Sharyland ISD held its second safety and security town hall meeting Aug. 10, where a panel of experts updated parents and the community on the district-wide strategies for the 2022-2023 school year. And while SISD has increased its security measures from previous years, parents that spoke at the town hall felt it is not enough.
Superintendent Dr. Maria Vidaurri said Sharyland is using a Concentric Circles of Protection philosophy regarding campus safety — meaning they’re focusing on tactics that secure the perimeter and then moving inward toward the classrooms.
Last month, the district renewed and approved contracts for on-site Mission police officers and security guards from MLG Protection Services. Director of Facilities, Maintenance and Risk Management Mark Dougherty assured parents there is armed personnel at all campuses — news that was met with applause from the audience.
But at the town hall meeting, the panel of experts expanded on the other new or improved protocols Sharyland ISD implemented for the current school year.
Some new safety measures include locked doors, access control locks, additional cameras, radios with direct access to law enforcement and an extensive vetting process for campus visitors. Other initiatives include counseling services and annual training for administrators, staff and students, as well as threat assessment teams.
The district spent the summer conducting door audits, ensuring everything is working correctly. But until officials install electronic access control locks, all campus doors remain manually locked during school hours.
“We have worked with the campuses to make sure we have single points of entry once class starts,” Vidaurri said. “We do know that in the mornings [and] after school we’re going to have multiple points of pick up and drop off but once school starts, each campus has identified single points of entry, and they’ll get that information out to parents and students.”
Executive Director of Student Support Services Juan Heredia said the visitor management system requires acceptable documentation for visitors to enter any campus. He warned that there might be a delay in campus access, but it is to maintain the integrity of the security. Heredia assured the parents that any visitor spending any time around students is vetted and has gone through a background check before they step foot on campus.
Additionally, Sharyland ISD is no longer allowing deliveries during school hours because of the increased security.
“Every time we open a door, we’re losing a layer of protection,” Pam Montalvo, assistant superintendent of student and support services, said. “We’re not going to be allowing deliveries — forgotten homework or anything like that. Lunch, we will no longer be allowing deliveries because every time someone comes on campus, we are weakening our layers of protection. So we ask for your cooperation with that. That goes the same for our staff as well. So we know that it’s a sacrifice, but it’s worth it.”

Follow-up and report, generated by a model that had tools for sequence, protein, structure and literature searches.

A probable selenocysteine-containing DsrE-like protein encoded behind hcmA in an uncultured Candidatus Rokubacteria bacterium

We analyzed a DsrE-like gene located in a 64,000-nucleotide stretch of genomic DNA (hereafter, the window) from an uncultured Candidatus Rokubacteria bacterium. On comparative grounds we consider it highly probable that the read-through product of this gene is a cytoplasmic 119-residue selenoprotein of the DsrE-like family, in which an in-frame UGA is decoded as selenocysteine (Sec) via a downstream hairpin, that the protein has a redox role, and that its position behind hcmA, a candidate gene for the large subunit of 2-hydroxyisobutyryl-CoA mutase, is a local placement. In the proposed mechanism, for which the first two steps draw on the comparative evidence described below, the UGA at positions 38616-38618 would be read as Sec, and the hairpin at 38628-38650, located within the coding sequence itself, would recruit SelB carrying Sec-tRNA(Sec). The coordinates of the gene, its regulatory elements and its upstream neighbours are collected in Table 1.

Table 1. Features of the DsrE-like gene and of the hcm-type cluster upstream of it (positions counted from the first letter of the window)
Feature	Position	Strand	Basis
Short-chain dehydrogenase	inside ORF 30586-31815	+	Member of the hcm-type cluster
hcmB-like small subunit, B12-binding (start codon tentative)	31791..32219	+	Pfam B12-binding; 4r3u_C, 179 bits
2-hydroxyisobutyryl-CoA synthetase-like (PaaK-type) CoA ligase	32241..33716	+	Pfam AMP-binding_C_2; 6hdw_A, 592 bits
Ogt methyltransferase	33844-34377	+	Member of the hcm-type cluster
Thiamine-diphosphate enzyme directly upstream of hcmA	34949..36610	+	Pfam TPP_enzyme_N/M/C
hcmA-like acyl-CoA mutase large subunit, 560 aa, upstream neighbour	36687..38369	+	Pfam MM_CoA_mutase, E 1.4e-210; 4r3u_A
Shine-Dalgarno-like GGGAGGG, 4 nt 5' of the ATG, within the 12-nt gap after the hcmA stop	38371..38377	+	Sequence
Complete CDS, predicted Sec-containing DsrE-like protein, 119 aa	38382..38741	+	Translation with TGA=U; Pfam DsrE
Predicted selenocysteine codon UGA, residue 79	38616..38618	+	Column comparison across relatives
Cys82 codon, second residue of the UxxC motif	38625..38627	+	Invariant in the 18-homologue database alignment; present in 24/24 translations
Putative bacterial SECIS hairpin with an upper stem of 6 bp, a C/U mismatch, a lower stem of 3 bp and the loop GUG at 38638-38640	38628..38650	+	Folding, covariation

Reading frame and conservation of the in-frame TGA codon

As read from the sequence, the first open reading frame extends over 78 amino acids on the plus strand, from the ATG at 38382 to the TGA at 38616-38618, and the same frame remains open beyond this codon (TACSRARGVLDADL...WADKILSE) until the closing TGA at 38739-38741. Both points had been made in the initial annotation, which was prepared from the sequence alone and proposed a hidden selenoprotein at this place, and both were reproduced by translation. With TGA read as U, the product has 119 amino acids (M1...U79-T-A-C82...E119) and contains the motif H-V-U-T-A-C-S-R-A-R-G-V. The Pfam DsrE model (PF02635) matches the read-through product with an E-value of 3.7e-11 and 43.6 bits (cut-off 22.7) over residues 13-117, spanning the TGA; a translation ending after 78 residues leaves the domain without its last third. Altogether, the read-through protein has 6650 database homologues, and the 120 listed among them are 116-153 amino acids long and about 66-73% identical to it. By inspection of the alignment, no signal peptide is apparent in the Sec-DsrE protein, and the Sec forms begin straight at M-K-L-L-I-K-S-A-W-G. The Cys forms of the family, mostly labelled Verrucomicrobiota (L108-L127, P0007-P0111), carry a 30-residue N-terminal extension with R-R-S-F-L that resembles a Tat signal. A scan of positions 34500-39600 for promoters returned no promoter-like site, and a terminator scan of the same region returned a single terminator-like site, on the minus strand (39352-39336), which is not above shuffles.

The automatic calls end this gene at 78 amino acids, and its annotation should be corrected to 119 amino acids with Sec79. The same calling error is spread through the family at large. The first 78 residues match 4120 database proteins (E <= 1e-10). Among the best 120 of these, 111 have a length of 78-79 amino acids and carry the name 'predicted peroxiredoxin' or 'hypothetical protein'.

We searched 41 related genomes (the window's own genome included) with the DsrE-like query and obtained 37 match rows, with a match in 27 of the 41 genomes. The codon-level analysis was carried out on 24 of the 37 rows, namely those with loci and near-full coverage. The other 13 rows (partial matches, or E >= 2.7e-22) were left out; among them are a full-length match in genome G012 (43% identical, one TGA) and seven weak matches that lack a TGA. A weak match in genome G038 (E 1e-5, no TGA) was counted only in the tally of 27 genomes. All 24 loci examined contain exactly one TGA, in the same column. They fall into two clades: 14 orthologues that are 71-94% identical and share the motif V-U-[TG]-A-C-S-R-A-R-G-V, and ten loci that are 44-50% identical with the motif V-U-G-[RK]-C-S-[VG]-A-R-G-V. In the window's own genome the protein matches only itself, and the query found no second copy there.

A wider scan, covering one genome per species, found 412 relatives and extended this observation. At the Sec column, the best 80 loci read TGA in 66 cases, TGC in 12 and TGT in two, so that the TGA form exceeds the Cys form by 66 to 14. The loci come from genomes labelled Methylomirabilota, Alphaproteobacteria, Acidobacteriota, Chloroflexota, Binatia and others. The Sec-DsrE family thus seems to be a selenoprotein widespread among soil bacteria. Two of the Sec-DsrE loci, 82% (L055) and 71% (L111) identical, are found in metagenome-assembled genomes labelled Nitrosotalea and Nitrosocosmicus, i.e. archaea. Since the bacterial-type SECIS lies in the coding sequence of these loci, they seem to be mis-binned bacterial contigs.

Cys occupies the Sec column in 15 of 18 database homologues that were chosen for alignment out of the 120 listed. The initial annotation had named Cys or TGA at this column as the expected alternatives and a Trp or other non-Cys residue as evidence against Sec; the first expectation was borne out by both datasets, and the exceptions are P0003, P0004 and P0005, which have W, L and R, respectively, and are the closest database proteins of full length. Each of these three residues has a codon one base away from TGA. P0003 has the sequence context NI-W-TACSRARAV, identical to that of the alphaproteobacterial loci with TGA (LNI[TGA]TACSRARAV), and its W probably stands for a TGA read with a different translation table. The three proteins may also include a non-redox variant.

The district is also paying extra attention to social-emotional learning and embedding SEL practices into the academic curriculum. The idea is that prioritizing mental health and character development will help students overall and flag any behavior for educators to monitor.
While parents and community members expressed their concerns at the town hall, several brought up the May shooting at Uvalde CISD in which a gunman killed 21 teachers and students at an elementary school. And even with the new security and safety protocols, parents had more suggestions.
One parent spoke of placing AR-15 rifles on campus in case of emergency; another suggested incentivizing teachers to carry firearms. A father asked about bulletproof doors. A different parent said he would prefer more police officers with training instead of armed security guards. He brought up implementing a Sharyland ISD police department, which community members have suggested before. SISD trustees said adding police officers and deploying an in-house police department is both a financial and a manpower issue.
“Starting your own police department…you’re talking about a budget where we’re making a huge, huge investment,” School Board President Hector Rivera said. “With security comes sacrifice…and we’ve lowered taxes for the last three years. But things that are needed, sometimes, we only work with what we have. We could push [the budget] a little bit but we can’t sacrifice other things like salaires and other important items.”
Vidaurri said the district would take every suggestion and concern into consideration. She and other panelists said the conversation around district security is fluid and evolving on an as-needed basis. But for now, the goal is to secure the perimeter from the outside, so intruders never make it to the building.
Director of Counseling Lorene Bazan said although security is a priority, the district does not want to make any additions that scare the kids. She stressed the importance of managing both a safe and welcoming environment.
“I’m a parent as well and…I’m hearing certain things like bulletproof doors and all this, and it is scary,” she said. “It’s a balance. We want to love our kids, have a great culture, but we want them to be safe.”